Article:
The song opens with a jazzy, "Transatlantic meets Jaco Pastorius" feel to it.  The bass line draws you in throughout the entire piece while drums and guitars work in harmony to create a sturdy yet fragile foundation to relay a message of hope.  There is an urgency permeating the music as it enters your auditory canals and runs the length of your spine.  Not intended to be a spoiler alert--but the gunshot following the spoken word at the end will chill you...and make you want to go back and right the injustices the world never seems to run out of...an extremely moving piece...

Going back for a second serving, I find "Tempio Pallido" flowing gently through the headphones. The soft piano opening belies a gentler, softer side to the band...top notes of Under the Psycamore and Sir Chronicles waft through the air like cotton candy threads at the county fair.  Il Rumore Bianco plays with an understated intensity...the ability to strike so many affecting chords and thrust so many conflicting colors at the canvas while maintaining a sense of calm and serenity is rare and appreciated.  Il Rumore Bianco shares acreage in the prog garden with Seven Impale, Gentle Giant, and Gekko Projekt.  This is a band that, while seeming to prefer the rain, can have a lot of fun in the sunshine as well.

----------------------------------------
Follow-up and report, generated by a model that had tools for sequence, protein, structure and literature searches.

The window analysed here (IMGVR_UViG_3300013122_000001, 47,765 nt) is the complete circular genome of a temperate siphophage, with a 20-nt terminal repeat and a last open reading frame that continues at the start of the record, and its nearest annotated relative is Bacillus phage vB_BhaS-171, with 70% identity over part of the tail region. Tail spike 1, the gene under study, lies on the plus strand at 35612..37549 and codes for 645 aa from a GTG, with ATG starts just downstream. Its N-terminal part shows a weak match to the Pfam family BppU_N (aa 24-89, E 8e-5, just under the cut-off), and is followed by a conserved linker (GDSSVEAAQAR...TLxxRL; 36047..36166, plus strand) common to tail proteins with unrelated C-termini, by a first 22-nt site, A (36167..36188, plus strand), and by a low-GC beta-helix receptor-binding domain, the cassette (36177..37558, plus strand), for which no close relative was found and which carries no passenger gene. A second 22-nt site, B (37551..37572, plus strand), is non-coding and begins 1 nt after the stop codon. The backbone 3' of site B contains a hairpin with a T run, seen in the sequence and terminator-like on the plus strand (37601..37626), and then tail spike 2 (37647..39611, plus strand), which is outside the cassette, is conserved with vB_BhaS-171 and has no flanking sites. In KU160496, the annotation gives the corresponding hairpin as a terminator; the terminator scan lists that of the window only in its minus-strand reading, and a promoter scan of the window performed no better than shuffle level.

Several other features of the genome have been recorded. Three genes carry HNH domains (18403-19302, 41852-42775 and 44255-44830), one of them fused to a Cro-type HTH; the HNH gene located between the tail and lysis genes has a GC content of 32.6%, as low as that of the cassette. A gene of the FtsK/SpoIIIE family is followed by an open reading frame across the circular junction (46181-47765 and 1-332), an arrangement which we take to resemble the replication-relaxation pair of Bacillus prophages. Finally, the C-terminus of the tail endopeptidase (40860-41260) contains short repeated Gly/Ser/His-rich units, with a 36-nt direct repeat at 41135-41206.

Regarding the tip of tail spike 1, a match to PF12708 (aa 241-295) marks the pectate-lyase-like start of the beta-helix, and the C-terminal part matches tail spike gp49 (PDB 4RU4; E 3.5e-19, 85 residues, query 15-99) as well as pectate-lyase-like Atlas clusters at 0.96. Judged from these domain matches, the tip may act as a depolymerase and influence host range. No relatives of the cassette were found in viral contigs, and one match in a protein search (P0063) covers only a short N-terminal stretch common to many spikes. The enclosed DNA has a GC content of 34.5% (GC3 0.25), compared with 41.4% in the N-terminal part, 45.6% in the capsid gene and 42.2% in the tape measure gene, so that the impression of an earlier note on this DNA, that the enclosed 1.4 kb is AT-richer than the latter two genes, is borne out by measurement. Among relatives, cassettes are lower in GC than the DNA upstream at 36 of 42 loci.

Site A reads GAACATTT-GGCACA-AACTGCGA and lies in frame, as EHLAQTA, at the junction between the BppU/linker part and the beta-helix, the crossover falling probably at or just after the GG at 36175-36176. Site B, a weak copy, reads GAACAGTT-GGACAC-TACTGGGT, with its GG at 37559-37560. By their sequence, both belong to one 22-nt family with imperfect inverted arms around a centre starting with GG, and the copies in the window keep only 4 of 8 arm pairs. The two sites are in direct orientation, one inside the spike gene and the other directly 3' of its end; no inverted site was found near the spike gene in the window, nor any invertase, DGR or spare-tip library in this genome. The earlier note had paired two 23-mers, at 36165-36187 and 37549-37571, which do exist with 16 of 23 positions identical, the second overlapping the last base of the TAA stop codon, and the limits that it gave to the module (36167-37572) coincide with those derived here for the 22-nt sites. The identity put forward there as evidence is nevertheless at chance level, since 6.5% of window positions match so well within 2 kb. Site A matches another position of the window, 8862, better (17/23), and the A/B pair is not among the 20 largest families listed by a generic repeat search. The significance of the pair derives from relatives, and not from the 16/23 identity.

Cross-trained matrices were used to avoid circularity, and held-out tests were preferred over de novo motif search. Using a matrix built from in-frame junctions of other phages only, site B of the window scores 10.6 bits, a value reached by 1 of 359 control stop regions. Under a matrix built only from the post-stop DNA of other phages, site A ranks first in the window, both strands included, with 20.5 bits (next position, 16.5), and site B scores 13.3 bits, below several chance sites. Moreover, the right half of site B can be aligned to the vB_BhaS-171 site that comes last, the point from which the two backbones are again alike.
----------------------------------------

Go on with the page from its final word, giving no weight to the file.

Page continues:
Liner Notes...originating in the aforementioned  Verona, Italy in 2012, Il Rumore Bianco is Allesandro Zara on lead vocals, Giacomo Banali on guitars, Michele Zanotti on guitars and saxophone, Thomas Pessina on keyboards and synthesizers, Allesandro Danzi on bass, and Andrea Sbrogio on drums.  If the studio is not crowded enough, the band includes additional musicians Federico Lonardi on guitar, Eddy Fiorio on synthesizer, Umberto Sartori behind a second drum kit, and Carlo Cappiotti on backing vocals.

Il Rumore Bianco released their debut EP "Mediocrazia" in 2013.  Having poured forth a solid foundation of sound, the band supported the album with extensive touring throughout northern Italy. Three years after the fact, "Antropocene" is the band's sophomore release and first full length album.  Il Rumore Bianco stays mainly in the deeper, though-provoking section of the prog garden, but they are quite capable of straying "outside the lines" and pushing a button or two in your limbic system.  You may be tempted to focus on the smoky haze that seems to have settled over their sound but just keep walking...the lens clears as the big picture comes into focus.

My final selection for review this week is called "Tephlon."  This particular cut hits harder and strikes deeper as Michele's saxophone comes right at you from the start.  Top notes of Weather Report, Chick Corea,  and Traffic flow through the headphones like an electric current firing up an amplifier.  The sound comes at you from all directions...building layer upon layer with keyboards and drums that underlie the sax as the bass keeps you mesmerized from just outside the light's bright arc...Il Rumore Bianco is a band well worth expanding your music library for.